Krisanna Jeffery Counseling


Choosing A Therapist That's Right for You!    

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              Over the course of this column, I’ve often encouraged people to seek help when they feel stuck in their lives. I realize though, that this is a foreign experience for most people. We are culturally conditioned to believe that it is weak to seek help for personal matters. 

            This is a myth. In reality, it can take a lot of courage to take the risk of seeing past our conditioned ego and see what lurks beneath.  

            We are also conditioned to believe it is weak to show our vulnerable side. Another myth! In reality it takes strength to show the vulnerable parts of ourselves we have hidden away.            

            But even when we have decided our life is out of control and we need a neutral perspective, most people are unfamiliar with the helping network. Most clients find their therapist through word of mouth. But I have always been amazed at the number of clients who say that they just picked a name in the yellow pages. I realize that many people seeking help do not know their options. Here are some guidelines to follow when looking for someone with which to do personal growth work. 

1)       You must feel comfortable with your therapist. If you don’t feel comfortable you are with the wrong person. You do yourself a great disservice by staying with a therapist you don’t like. Nothing will happen! 

2)       You can ask questions about the therapist’s formal training. Personally, if a client takes the time to ask such questions, I know that they’re serious about finding a good match. Training for therapists crosses several formal educational disciplines. Relevant degrees can be earned in Social Work, Child and Youth Care, Nursing, Counselling, or Psychology.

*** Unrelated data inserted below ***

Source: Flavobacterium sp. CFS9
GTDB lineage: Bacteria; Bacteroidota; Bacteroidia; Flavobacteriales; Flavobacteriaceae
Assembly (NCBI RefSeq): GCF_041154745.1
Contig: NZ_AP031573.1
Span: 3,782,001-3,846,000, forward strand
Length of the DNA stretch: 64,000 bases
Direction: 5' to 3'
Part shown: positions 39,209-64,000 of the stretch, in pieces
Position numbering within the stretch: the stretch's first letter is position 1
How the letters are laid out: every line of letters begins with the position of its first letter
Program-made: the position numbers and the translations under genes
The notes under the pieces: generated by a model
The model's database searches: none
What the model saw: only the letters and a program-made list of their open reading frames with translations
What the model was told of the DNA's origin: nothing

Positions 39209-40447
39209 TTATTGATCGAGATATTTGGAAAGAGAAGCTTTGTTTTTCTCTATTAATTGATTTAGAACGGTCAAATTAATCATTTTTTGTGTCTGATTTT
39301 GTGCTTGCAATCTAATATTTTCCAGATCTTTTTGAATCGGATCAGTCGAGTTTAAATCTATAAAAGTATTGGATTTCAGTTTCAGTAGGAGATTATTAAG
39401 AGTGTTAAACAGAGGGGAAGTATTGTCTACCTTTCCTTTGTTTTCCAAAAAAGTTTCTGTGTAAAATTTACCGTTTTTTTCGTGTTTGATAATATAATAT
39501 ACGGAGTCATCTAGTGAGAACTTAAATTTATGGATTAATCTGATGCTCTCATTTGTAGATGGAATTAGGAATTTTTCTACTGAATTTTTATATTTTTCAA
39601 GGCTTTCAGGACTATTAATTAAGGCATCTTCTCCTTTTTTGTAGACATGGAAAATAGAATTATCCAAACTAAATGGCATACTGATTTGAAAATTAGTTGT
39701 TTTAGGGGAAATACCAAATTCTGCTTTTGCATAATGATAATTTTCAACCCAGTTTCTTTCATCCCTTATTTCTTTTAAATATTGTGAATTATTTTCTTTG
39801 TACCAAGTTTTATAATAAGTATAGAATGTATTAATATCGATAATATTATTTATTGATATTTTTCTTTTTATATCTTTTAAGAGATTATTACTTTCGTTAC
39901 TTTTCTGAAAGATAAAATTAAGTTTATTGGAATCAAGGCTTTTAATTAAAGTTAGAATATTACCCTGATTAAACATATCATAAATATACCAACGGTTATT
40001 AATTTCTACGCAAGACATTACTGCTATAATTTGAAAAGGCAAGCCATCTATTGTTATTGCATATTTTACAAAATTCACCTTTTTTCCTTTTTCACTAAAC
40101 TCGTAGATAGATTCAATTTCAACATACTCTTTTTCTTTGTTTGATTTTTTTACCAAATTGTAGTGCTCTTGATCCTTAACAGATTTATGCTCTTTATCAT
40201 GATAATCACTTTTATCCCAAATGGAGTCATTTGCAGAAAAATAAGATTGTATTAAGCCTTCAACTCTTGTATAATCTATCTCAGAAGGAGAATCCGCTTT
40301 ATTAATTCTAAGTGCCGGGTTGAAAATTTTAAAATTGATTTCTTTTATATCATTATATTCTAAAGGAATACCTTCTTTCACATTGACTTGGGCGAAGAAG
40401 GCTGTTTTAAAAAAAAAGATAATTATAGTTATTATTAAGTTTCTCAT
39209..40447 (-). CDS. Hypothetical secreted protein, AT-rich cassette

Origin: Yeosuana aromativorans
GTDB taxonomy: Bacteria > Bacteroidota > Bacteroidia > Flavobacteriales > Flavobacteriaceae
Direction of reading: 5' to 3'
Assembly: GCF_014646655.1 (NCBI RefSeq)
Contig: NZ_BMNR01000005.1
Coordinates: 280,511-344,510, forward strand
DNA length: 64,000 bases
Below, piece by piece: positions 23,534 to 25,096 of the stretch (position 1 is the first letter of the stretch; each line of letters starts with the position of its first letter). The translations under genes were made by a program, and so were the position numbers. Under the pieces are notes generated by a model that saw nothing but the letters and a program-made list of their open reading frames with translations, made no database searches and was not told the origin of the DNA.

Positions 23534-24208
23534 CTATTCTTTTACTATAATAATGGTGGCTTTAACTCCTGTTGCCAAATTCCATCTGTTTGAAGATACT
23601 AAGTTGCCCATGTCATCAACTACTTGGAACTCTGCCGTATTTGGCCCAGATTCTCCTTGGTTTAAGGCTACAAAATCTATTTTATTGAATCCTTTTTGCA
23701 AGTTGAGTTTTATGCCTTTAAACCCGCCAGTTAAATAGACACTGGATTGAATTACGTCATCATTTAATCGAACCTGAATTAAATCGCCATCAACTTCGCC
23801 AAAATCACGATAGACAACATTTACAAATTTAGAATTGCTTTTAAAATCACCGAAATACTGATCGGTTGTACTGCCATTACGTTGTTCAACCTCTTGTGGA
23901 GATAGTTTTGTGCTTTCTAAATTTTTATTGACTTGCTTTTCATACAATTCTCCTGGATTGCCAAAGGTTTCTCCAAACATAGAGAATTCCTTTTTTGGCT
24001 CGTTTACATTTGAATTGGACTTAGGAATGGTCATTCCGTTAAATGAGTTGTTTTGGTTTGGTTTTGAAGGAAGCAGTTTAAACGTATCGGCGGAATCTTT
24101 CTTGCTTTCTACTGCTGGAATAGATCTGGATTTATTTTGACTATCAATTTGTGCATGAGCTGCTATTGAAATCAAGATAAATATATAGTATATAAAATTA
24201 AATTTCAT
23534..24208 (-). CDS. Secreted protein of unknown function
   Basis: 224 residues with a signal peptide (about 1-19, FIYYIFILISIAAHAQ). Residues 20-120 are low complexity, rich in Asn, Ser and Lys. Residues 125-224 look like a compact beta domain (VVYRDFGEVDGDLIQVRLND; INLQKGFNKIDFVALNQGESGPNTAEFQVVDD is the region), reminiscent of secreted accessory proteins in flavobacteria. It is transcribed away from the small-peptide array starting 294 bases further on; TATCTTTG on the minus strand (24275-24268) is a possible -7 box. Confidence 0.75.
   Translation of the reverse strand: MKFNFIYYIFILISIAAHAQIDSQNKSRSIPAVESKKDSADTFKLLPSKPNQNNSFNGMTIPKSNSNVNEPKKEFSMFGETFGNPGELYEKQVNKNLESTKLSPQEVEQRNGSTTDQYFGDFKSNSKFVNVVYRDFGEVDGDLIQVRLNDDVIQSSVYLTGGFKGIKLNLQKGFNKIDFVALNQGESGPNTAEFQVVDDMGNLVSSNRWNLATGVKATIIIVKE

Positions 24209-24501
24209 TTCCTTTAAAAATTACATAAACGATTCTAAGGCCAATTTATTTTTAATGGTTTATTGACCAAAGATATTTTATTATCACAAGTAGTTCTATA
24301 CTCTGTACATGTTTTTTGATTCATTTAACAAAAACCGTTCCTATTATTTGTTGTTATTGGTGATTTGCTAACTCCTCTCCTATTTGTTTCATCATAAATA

3)       I have found that often people are confused about the difference between a Psychologist and a Psychiatrist. A Psychologist is a licensed professional with a Ph.D in psychology.   Psychiatrists are physicians who has completed a residency in psychiatry and are the only mental health professionals licensed to prescribe medications. 

4)       You can also ask questions about your counsellor’s theoretical approach. Even if you are not knowledgeable about such theory, you will still be picking up clues as to whether or not this therapist is for you. Some of the approaches to therapy might be; behavioral, cognitive, humanistic, experiential, psychoanalytic, family systems, bodywork therapies, energy psychology and many more. 

5)   The field of energy psychology is relatively new and includes a large number of differing techniques. These techniques move beyond "talking therapies' and will incorporate both the body and mind to facilitate deeper and lasting change.

6)       There are both public and private counsellors. Public counsellors work for community or government agencies where there is usually little or no fee for service. Private counsellors do charge a fee for service. Their fee usually depends on their level of experience and education. Some have a sliding scale. It’s like shopping for anything else; don’t forget to ask how much! Many extended health plans include coverage for counselling.

7)       And finally, throughout your counselling experience, you need to be the judge as to whether or not this experience is helping you meet your change goals. Keep control of your own growth process.


Krisanna Jeffery
Registered Clinical Counselor
B.S.W, M.Ed,
Sex Educator
Certified Yoga
Meditation Instructor



(250) 951-2299

1348 Gabriola Drive,
(in Craig Bay)
Parksville, BC


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